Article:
In the story of “The Man Who Was Almost A Man,” Dave is not a man

How does Hughes use dialect and the first person point of view to develop a singular persona that expresses a broader comment on general experiences about race, class, economic structures and their influence?

POST 2 & 3: Respond to at least two other student posts.

Each post should be a MINIMUM of 250 words. This grade will be based on the quality and depth of analysis as well as the level of participation.

Link to articles: https://drive.google.com/file/d/1sslEUxSf9GA3mVPAL…

Articles to read: Langston Hughes “The Negro Speaks of Rivers,” “Mother to Son,” “I, Too,” pg 2121

Richard Wright “The Man Who Was Almost a Man” pg 2244

Respond to this students responses:

Wendy Diazgranados

Re: Discussion #4-A

In the story of “The Man Who Was Almost A Man,” Dave is not a man. He is 17 years old, and he still lives and answers to his parents. Dave works plowing the fields for Mr. Hawkins; his mother collects his pay and holds onto his money. Although Dave is close to being of legal age, he is treated as a child, and his parents feel that he is not responsible enough to make good decisions with his money.

Dave’s parents are the force that prevents Dave from becoming a man. Dave is intrigued with learning how to shoot. Dave’s action demonstrates his immaturity in using the weapon near the mule and doing so on Mr. Hawkins’s land, as he has never fired a gun. Dave does not overcome the issue of him becoming a man. In the end, he gets discovered because of the gunshot wound to Jenny that ultimately causes her death, and he tried to hide the incident. Dave is held responsible and must pay for the mule but his irresponsible actions do not stop at the shooting of Jenny.

To add more issues to Dave’s recent conduct, he sneaks out that same night and reshoots the gun. After he shoots his final bullet, he even thinks of breaking into Mr. Hawkin’s house to scare him. His thoughts are not of a level-headed, responsible person or a man. His mind frame has shifted once he feels comfortable having the gun, and he states that he will not let anyone control him any longer as long as he has the gun.

Reference

Wright, R. (2017). The Norton anthology of American literature. (R. S. Levine, Ed.; 9th ed., Vol. 2, pp. 1059–1067). W.W. Norton & Company.

Wendy Diazgranados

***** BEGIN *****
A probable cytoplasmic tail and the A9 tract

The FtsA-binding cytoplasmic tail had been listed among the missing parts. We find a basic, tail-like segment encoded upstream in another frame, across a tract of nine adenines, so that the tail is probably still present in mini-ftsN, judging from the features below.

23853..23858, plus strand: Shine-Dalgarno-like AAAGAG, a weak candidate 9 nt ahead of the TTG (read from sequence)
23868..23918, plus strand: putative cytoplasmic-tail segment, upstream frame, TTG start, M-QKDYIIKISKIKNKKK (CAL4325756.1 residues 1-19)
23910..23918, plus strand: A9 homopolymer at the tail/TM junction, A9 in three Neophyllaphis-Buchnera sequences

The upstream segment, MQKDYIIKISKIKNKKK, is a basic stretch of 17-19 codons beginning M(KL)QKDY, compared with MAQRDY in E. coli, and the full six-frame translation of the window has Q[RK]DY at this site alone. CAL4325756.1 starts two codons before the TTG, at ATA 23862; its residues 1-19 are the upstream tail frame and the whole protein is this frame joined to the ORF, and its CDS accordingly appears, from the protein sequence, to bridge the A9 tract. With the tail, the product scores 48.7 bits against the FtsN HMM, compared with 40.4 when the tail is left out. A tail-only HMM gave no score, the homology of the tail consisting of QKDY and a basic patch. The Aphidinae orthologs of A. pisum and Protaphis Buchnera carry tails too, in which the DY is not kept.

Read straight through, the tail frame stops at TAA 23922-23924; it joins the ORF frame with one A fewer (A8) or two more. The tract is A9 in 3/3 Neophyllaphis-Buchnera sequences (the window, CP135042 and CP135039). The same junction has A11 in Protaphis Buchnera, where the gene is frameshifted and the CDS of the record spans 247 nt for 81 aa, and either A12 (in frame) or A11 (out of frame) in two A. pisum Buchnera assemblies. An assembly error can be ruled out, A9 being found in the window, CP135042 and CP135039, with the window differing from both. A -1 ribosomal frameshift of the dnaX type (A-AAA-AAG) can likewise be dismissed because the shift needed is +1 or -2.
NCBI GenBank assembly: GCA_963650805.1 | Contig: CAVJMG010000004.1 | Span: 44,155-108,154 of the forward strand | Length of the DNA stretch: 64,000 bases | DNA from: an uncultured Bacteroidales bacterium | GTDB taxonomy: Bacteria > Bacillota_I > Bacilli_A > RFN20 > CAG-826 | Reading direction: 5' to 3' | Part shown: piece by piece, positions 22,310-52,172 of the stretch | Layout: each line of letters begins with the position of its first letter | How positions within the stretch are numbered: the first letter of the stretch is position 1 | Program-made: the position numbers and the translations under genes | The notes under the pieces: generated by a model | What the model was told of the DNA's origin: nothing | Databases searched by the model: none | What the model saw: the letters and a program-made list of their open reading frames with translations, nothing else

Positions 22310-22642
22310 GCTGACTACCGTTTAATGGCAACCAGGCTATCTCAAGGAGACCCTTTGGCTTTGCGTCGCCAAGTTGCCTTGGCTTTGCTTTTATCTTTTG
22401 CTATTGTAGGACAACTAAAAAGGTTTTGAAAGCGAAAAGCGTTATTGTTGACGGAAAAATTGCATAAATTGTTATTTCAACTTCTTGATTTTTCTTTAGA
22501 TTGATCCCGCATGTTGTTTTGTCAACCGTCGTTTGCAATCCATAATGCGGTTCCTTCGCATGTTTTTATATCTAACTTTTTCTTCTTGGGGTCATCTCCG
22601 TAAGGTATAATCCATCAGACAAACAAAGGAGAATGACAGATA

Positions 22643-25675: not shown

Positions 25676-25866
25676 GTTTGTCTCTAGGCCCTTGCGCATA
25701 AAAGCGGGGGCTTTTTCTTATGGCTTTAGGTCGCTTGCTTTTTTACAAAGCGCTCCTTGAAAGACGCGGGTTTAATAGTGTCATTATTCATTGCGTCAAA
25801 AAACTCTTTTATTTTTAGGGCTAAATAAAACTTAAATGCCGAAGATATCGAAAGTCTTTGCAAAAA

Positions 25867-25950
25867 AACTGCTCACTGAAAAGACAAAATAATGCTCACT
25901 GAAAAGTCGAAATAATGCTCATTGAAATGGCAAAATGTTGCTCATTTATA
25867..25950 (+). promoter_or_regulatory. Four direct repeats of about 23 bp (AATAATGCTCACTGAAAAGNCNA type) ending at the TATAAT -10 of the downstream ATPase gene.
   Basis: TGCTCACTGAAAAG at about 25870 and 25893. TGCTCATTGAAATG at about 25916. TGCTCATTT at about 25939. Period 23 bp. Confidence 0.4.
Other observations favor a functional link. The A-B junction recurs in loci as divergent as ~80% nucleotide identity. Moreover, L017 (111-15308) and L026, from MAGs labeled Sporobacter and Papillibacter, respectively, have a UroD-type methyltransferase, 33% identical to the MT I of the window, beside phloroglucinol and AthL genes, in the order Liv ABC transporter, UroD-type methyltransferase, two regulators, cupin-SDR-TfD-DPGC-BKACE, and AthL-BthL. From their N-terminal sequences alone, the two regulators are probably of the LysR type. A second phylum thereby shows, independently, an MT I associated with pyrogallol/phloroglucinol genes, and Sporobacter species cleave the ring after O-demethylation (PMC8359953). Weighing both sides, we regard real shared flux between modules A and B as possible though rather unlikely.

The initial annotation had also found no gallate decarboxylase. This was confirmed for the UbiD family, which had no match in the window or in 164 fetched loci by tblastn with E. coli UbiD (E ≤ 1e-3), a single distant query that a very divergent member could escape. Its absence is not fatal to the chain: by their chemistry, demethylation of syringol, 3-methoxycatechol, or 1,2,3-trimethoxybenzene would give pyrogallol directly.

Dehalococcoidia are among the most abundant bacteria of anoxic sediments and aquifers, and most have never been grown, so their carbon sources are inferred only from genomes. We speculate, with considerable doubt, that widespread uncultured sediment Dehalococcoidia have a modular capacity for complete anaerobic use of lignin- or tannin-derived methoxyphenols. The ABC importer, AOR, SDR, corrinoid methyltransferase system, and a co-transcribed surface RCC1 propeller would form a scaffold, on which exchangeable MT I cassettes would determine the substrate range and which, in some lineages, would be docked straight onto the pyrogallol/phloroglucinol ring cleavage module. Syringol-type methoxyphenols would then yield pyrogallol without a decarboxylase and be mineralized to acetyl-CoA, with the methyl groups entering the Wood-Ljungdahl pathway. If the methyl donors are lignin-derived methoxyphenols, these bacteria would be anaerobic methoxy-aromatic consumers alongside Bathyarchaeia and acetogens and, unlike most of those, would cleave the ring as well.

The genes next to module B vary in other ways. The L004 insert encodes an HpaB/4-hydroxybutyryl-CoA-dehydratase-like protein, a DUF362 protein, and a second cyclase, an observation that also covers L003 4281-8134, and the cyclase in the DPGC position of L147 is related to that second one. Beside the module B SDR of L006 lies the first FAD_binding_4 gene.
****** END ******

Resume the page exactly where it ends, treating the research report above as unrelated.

Re: Discussion #4-B

In the poems of Langston Hughes, “The Negro Speaks of Rivers,” “Mother to Son,” “I, Too,” and “Democracy.” The significant similarities in these poems would be the race, financial, and class struggles the people of color have experienced for centuries. In the poems, Langston Hughes talks about not giving up, fighting for what you believe in, and not giving in to what the white men put upon people of color.

Langston Hughes believes that people of color have waited long enough for change to happen, but his central idea is that change will not occur if people of color do not stand up for themselves and their loved ones. That by sitting back and waiting for the people of color’s struggles to disappear on their own, that is not going to happen.

If they do not speak up and bring awareness to the issues people of color want to change, then the white people will continue treating non-white people as they have been doing for decades or even centuries. In his poem, Langston Hughes states that his people have been around long enough and have earned the same rights just as everybody else. The people of color have put in a lot of work and effort to be on their land. They want the same things as the white people get, such as economically, socially, and class status based on their progress.

Finally, Langston Hughes’s poem is based on rights of people of color, and how people should not be looked down on based on the color of someone’s skin.

References

Hughes, L. (2017). Norton anthology of american literature (R. S. Levine, Ed.; 9th ed., Vol. 2, pp. 1037–1042). W.W. Norton & Company, Inc.

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